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By Nina Semczuk
December 16, 2019
Illustration by Jared Oriel

Quick — if I asked you to grade your money habits, what would you give yourself? An A+ or a B-, or maybe, if you’re honest, an F? Would you even know the answer?

At the end of the year, most people can tell you how they rate in their careers thanks to annual assessments, but the same isn’t always true of our personal money lives. I know that nothing says “dreadfully boring” like the phrase “performance review,” but you have to admit that when you get feedback from one it often sticks.

Inspired by a number of high performers, I started giving myself a comprehensive personal annual review a few years ago. While I’ve abandoned some of the assessment categories, the financial review has stuck. Money allows so many other long-term goals to come to fruition — from travel and moving to changing jobs and buying property — that it’s worth its own review.

Let’s ease into this with questions you can consider right now.

1. Start your money review with a self-assessment

First, ask yourself: How do I feel about this year’s spending and saving?

Are you proud? Guilty? What feelings come up, and how do you wish you felt instead?

Listen to what your gut tells you when you think about your finances. If you feel like taking notes or journaling at this point, go ahead. After reflecting, move to step two.

2. Consider your money reality — the good, the bad, and everything in between

Here comes the fun part (kidding, this is the least pleasant step, but the most useful). It’s time to audit yourself. This won’t involve the IRS, but should be as detailed as if it did.

Survey your money tools

Which apps are you using? Which ones did you abandon after two weeks? Can you pinpoint a reason why? For instance, did you quit Mint because you never connected your bank accounts, or did you try YNAB and give up after a few days? Identify which ones you’d like to revisit.

Tally your account totals

See where you landed at the end of the year. Gather your checking and savings account totals, credit card and student loan debt, retirement accounts, and cash totals. Don’t forget to check your Venmo and Paypal accounts to see if any money is lingering in there.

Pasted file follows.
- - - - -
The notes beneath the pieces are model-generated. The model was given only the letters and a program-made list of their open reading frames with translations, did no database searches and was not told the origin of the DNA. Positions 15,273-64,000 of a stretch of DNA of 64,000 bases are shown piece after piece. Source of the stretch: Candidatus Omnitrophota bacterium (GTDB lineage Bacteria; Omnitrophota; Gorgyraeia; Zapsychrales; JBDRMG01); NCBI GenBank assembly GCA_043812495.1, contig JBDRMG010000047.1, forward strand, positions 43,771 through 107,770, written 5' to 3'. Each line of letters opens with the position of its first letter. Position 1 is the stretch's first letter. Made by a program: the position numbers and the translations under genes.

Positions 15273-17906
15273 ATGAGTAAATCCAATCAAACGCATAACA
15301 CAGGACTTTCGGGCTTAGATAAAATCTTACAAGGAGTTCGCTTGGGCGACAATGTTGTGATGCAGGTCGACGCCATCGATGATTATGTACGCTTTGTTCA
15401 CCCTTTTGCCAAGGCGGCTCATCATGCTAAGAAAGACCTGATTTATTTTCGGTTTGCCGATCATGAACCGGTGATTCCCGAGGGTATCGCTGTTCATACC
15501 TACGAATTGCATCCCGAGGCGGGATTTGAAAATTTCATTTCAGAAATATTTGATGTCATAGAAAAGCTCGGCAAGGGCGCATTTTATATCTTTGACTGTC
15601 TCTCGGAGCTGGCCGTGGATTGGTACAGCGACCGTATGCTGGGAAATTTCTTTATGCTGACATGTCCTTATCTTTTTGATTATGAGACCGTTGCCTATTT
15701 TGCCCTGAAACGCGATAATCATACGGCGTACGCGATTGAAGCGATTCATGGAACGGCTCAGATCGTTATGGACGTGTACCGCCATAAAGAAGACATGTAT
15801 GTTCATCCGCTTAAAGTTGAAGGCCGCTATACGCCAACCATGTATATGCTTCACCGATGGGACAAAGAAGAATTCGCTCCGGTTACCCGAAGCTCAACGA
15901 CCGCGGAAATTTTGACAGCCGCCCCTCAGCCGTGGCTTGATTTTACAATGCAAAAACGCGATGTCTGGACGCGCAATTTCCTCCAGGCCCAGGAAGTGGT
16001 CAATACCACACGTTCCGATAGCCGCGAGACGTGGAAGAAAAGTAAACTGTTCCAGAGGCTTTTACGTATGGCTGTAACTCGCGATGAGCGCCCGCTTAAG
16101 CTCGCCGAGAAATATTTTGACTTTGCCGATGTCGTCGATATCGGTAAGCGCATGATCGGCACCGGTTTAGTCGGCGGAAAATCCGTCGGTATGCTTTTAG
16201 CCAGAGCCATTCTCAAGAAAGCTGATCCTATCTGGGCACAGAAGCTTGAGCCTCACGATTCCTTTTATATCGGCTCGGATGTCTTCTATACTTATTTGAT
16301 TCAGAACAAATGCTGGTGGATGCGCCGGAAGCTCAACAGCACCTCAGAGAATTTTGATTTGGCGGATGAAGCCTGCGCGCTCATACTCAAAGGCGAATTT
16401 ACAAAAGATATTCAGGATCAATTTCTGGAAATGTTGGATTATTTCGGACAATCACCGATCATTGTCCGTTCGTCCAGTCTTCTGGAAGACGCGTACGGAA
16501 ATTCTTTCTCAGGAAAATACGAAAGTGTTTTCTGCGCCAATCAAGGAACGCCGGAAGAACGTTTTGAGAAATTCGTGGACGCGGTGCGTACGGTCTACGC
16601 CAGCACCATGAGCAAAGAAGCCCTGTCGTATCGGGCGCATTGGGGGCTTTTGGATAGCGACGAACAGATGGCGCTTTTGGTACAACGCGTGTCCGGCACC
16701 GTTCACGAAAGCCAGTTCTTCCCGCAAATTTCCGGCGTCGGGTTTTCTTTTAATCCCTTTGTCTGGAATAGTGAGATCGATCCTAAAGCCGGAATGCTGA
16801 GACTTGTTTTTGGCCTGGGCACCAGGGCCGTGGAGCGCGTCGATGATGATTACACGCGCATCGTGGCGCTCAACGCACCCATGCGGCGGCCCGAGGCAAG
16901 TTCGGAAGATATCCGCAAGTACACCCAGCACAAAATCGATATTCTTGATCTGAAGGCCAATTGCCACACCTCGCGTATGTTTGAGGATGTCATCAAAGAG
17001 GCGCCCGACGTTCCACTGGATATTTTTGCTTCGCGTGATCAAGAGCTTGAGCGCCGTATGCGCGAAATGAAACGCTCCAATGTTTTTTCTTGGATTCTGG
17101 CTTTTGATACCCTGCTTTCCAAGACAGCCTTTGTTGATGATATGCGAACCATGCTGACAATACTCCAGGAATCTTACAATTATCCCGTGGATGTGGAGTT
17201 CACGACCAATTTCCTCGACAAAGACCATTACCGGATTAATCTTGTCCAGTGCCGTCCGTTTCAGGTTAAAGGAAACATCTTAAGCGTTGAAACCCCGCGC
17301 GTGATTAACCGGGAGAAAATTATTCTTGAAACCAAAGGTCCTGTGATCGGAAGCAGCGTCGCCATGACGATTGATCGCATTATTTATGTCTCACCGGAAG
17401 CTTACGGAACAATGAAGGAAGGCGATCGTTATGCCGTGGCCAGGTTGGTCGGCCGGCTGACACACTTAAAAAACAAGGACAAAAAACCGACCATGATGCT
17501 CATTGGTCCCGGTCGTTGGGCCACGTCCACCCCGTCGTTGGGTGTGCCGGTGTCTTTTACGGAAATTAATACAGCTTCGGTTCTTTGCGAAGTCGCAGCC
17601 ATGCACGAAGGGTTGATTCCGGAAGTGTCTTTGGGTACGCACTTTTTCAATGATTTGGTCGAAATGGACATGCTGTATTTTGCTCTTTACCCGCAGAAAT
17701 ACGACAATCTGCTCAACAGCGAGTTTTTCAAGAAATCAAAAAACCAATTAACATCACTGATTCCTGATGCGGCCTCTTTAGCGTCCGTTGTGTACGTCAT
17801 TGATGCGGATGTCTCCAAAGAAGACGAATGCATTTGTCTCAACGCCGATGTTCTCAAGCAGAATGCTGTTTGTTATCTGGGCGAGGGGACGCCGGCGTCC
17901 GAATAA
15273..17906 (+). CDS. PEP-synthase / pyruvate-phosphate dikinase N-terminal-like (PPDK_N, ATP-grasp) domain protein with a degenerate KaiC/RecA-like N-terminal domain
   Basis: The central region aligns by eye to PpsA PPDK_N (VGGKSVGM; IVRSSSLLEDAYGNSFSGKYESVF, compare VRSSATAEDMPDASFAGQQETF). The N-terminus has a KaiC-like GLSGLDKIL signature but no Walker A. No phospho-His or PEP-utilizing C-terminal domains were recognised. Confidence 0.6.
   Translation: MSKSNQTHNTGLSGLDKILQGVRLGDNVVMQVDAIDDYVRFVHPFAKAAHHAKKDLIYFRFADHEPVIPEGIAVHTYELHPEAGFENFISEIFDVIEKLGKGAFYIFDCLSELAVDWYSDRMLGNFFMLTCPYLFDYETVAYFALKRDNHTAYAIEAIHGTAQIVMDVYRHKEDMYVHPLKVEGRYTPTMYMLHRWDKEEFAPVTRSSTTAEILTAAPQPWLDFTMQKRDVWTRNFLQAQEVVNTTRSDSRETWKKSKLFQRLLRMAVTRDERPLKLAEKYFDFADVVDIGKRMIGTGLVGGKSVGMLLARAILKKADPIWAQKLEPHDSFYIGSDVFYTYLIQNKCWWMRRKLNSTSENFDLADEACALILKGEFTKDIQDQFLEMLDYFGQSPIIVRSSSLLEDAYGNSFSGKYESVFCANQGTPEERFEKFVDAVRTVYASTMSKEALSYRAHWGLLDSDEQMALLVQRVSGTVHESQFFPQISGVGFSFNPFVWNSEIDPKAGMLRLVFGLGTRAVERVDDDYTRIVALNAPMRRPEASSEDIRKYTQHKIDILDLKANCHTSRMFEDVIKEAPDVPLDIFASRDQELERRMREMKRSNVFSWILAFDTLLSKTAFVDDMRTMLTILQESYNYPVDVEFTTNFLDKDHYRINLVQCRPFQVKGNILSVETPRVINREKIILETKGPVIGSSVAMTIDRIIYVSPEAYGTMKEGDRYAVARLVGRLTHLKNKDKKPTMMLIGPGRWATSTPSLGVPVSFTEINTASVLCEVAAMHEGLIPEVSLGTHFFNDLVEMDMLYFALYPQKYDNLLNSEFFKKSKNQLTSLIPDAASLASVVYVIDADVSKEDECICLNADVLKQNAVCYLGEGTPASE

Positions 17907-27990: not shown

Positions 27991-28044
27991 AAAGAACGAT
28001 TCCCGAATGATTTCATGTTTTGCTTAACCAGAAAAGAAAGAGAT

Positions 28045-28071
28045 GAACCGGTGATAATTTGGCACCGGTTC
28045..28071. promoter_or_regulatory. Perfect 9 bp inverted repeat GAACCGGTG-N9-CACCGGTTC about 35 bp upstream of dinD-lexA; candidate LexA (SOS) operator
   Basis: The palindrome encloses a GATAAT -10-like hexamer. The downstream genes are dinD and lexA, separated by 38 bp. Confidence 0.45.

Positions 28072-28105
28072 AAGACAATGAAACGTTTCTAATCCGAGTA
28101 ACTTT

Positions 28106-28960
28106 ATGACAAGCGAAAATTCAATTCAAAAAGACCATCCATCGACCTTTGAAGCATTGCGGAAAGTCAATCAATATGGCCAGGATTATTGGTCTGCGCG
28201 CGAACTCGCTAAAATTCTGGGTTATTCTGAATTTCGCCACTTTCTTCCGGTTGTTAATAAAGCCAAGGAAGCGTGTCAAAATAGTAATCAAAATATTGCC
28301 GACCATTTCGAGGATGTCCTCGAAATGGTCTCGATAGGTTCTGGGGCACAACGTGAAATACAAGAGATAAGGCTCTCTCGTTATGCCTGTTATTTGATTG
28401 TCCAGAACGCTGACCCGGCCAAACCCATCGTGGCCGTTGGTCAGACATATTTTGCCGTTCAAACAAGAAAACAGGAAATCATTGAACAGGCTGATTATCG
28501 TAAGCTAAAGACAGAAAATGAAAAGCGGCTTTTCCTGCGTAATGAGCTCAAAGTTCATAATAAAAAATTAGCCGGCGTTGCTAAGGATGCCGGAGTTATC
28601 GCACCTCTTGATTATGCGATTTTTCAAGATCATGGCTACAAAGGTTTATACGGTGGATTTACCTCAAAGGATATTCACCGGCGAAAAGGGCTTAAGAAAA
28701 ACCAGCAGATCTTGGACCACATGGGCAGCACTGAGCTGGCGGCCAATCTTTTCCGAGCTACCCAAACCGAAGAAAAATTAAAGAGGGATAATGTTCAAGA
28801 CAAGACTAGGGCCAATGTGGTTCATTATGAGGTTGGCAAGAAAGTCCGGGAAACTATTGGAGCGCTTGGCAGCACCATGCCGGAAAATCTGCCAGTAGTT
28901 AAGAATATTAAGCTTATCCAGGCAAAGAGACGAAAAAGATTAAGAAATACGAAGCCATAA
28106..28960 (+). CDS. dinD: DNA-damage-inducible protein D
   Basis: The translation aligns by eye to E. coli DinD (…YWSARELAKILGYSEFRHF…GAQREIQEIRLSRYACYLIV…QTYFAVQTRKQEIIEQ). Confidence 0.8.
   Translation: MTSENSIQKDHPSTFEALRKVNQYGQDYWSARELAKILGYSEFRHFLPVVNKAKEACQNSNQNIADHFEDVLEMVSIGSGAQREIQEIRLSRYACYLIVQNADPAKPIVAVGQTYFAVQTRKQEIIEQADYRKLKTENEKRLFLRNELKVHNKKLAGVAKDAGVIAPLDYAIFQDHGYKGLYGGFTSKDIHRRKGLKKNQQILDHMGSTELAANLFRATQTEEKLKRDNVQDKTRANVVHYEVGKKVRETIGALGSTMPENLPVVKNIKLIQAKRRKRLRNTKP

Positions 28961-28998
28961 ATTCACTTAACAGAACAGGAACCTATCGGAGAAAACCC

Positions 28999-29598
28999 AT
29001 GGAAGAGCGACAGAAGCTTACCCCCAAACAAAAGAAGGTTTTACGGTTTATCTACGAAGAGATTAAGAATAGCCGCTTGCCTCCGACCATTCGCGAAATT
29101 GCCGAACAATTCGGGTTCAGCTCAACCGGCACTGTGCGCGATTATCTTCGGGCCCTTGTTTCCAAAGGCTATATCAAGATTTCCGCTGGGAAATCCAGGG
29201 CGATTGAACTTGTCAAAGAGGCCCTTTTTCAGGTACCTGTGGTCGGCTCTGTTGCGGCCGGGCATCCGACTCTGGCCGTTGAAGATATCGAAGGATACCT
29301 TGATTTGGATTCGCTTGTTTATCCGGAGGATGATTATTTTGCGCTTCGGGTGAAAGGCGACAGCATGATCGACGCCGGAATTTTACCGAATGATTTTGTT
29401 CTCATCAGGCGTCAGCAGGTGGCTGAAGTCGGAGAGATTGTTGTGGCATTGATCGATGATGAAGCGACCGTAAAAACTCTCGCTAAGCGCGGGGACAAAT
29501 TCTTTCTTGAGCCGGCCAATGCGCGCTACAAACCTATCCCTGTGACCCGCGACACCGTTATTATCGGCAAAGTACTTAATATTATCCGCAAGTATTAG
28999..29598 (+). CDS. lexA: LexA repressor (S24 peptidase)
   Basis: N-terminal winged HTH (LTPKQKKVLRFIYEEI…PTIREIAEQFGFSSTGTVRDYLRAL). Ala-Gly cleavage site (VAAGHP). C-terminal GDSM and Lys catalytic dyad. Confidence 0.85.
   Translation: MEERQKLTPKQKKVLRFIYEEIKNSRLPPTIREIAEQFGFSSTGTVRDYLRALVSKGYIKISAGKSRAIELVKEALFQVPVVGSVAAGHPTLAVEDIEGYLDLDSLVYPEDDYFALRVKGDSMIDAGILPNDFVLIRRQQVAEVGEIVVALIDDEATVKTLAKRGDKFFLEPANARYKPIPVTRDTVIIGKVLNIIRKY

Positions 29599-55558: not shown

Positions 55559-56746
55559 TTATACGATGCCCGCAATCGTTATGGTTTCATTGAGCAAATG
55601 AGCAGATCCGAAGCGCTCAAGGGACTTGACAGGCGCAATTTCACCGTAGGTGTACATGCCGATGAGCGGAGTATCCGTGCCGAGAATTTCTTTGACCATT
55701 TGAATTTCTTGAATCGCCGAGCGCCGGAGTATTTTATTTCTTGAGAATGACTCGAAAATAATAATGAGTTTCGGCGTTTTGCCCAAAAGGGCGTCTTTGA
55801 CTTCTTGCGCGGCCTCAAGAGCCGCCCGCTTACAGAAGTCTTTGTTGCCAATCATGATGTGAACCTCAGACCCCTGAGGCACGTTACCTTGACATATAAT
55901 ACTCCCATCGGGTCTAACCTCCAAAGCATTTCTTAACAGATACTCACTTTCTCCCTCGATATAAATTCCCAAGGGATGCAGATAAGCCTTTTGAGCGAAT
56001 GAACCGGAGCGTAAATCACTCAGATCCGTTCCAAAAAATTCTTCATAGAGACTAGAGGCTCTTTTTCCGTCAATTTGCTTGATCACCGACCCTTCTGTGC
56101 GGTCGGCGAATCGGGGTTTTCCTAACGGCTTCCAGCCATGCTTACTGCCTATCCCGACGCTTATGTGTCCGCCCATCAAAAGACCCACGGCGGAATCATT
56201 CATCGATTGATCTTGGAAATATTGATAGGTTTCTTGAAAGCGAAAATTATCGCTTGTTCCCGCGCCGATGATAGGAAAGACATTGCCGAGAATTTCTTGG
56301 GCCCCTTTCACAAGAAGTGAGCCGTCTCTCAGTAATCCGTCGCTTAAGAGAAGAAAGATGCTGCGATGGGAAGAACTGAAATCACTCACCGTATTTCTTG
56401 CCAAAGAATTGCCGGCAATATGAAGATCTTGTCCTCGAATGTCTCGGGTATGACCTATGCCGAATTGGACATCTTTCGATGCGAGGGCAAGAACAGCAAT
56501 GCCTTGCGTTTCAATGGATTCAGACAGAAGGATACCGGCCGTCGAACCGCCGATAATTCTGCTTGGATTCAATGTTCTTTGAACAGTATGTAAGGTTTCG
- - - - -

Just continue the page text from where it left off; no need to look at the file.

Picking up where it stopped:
If you add these up, you can find your net worth.

Now, compare your totals to the previous year’s: How much did you increase or decrease in each category? If you don’t know last year’s totals (and don’t want to dig to find them), use this year as your baseline going forward, but I do recommend going back at least one year. It’s crucial, in my opinion, to find out if you’re a chronic over- or under- estimator with your money.

3. Check in with your goals

After combing through your numbers, how reasonable were this year’s goals? Maybe your 2019 wish was to save 25% of your income. But that didn’t happen because you bought a new phone with a payment plan, groceries were higher than estimated, and you had to replace the timing belt on your car. Or you wanted to save a few grand for a down payment fund, but midway through the year you ended up diverting that money to pay off a credit card bill. For each 2019 money hope, see how things actually turned out — good and bad — and then analyze why.

One year, I had told myself I wanted to spend no more than $250 a month on food (including groceries and meals out). But I was frequently exceeding this number because of dinners and drinks with friends, and a lapsed habit of bringing my lunch to work.

To see if I was meeting that goal, I had to go back and look through my credit card statements and total each month’s food spending, because I had lapsed on tracking my monthly category spending. It turns out I was going over by a lot — something I didn’t reckon with until I did the tallying work.

4. Set your money goals for 2020

Now that you have a clear idea of the money you have and what you’ve spent, it’s on to setting goals for next year. What seems feasible now that you know your finances down to the details? Maybe it’s throwing an extra $100 a month at Sallie Mae. Or, it’s maxing out your Roth IRA and setting up an account to save for that Caribbean cruise you’ve lusted over. Perhaps it’s $30 a week toward your car loan. Once you pick out your 2020 money targets, it’s on to the action step.

5. Finish your money review with a plan of action

Useful performance reviews leave you with a plan for how you’ll meet your next set of goals. You want to do the same for your money wants. Take, for instance, your budget. If you want to save 30% of your paycheck this year, calculate how much money you need to stash away each month, and each week.

Or perhaps you found that rather than a savings target, you’d be better off with a daily spending allowance. How much money are you planning on spending each day? What will your plans be if you go over this allowance?

6. Put your review and plan in writing

Fire up Google Sheets or grab a notebook and write down your plan. Moving your goals from your brain, where they can be mushy and nebulous, to a concrete list in black and white will allow you to start working toward them. It’s like going out for a run and setting up an actual finish line, rather than claiming you’ll stop when you get tired.

Once you’ve drafted your money goals and plans to reach them, keep it somewhere you’ll see it often, maybe tacked over your desk, or folded in your wallet. If you’re digital-only, add a calendar reminder that’ll ping you each month with a link to the document, so you see it regularly.

And to really commit to this concept, seal the review the way you would a corporate one — by signing and dating it, effectively making a contract with yourself for 2020.

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